The Beauty and Barbarity of Birthdays

So today is my birthday.  I’m thankful to be a part of a family that makes birthdays extra special times, so they possess a great beauty.  Each year, I learn more and more: about myself, about my family, about my people whom I serve as their lead pastor, and about the world in which we live.  God provides the necessary wisdom to approach each day in the various realms He’s chosen me to occupy–along with the necessary wisdom to recognize what I need to learn. As someone once said, Wisdom is not only knowing what you know, but also knowing what you do not know.

I’ve titled this abbreviated blog post The Beauty and Barbarity of Birthdays.  God has granted me another year of life–that’s the beauty.  Even though I’m a sinner, by His grace He gives another year, day, hour, and second to press on for His glory and hopefully the good of my family, church, and community.

Where does this barbarity come in?  Partially because of the fact that in 2014, I’ve participated in 10 funerals.  Eight who were connections to my church, one who was connected to my previous church, and one who was like a brother to me.  At the last funeral I officiated (this past Monday) I found myself getting emotional while leading the final hymn of Amazing Grace.  The barbarity of death itself grips and grieves so many people, that the accumulation of those deaths began to take its toll during this stanza:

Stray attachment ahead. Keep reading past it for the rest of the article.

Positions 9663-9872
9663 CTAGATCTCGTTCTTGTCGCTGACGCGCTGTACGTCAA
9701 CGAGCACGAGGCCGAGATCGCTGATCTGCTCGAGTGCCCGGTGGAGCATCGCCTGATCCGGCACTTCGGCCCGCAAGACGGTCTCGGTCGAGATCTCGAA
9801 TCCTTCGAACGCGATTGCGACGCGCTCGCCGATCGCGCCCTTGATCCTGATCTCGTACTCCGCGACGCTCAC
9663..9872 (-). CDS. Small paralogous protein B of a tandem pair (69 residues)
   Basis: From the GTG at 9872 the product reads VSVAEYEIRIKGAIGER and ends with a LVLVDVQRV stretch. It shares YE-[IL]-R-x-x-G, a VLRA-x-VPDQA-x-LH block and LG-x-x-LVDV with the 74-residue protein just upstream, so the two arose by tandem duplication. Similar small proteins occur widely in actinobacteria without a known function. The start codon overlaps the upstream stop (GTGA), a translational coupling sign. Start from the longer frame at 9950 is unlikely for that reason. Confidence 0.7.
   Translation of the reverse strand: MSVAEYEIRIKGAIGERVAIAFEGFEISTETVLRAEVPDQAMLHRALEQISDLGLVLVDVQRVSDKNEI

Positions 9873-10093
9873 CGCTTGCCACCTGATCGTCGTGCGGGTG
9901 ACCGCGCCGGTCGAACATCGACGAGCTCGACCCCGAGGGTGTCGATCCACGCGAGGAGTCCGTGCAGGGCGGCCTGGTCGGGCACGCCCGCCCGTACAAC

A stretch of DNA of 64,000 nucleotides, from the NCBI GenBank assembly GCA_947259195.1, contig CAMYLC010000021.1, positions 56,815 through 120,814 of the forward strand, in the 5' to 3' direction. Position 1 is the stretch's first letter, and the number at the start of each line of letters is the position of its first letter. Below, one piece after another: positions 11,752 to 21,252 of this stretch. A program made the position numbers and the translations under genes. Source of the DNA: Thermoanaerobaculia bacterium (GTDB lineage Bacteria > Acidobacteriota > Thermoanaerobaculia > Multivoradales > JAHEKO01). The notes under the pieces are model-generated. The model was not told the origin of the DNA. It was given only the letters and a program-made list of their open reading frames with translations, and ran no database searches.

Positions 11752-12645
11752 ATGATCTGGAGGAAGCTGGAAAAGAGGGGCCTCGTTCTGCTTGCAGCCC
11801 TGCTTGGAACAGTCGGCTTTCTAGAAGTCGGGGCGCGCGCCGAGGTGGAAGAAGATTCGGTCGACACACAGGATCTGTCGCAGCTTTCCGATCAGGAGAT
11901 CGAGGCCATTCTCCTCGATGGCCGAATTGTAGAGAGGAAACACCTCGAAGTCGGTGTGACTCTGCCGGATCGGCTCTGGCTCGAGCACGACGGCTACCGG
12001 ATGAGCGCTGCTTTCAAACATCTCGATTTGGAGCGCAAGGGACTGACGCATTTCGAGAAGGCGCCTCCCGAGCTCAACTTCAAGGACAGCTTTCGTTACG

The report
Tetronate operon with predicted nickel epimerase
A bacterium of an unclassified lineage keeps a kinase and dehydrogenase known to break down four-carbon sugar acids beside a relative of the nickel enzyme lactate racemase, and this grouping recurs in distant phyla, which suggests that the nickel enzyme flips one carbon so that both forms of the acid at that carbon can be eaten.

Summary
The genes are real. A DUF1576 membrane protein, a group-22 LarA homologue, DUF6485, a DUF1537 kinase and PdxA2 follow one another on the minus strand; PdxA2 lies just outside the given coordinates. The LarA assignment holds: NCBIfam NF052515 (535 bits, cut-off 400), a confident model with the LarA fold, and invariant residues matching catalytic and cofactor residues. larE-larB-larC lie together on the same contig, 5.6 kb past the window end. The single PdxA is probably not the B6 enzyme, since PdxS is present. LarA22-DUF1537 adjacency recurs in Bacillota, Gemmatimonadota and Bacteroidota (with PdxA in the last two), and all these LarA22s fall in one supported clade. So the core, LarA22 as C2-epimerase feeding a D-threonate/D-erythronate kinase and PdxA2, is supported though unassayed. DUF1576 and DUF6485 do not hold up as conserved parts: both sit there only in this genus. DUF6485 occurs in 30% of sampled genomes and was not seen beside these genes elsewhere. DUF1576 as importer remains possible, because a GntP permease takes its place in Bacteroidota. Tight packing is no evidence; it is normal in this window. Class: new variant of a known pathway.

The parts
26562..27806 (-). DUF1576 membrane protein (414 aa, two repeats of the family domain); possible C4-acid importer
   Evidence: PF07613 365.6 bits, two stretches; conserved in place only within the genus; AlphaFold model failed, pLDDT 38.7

Through many dangers, toils and snares
I have already come;
‘Tis Grace that brought me safe thus far
and Grace will lead me home.

The barbarity of it all is that, as Psalm 116 notes,

The snares of death encompass me;
The pangs of Sheol laid hold on me;
I suffered distress and anguish.
Then I called on the name of the LORD:
“O LORD, I pray, deliver my soul” (Psalm 116:3-4).

To sound a bit macabre, each birthday is a day to celebrate (the beauty) but it also marks a day closer to your death (the barbarity).  The snares of death encompass all of us.

It brings the reality of meeting our Lord Jesus all the closer.

It brings the reality of the brevity of our days in reaching a lost world for Christ.

It brings the joy of another day, another year of Christ’s righteousness being worked out in us.

It brings the anticipation of what Paul wrote to the Romans:

“For I consider that the sufferings of this present time are not worth comparing with the glory that is to be revealed to us.  . . .  We ourselves, who have the firstfruits of the Spirit, groan inwardly as we wait eagerly for the adoption as sons, the redemption of our bodies.  For in this hope we were saved. . . .  But if we hope for what we do not see, we wait for it with patience” (Romans 8:18, 23-24a, 25b).

I won’t always have a birthday to celebrate.  The barbarity of sin that leads to death does not make that a reality.

But I will always have a birthday–the day that God rescued me from my sin, something worked from the before the foundation of the world (Ephesians 1:3-4).  And thus, the beauty of being born and sustained by God’s grace physically, and the beauty of being justified, sanctified, and glorified spiritually.

Even the barbarity amplifies the beauty!

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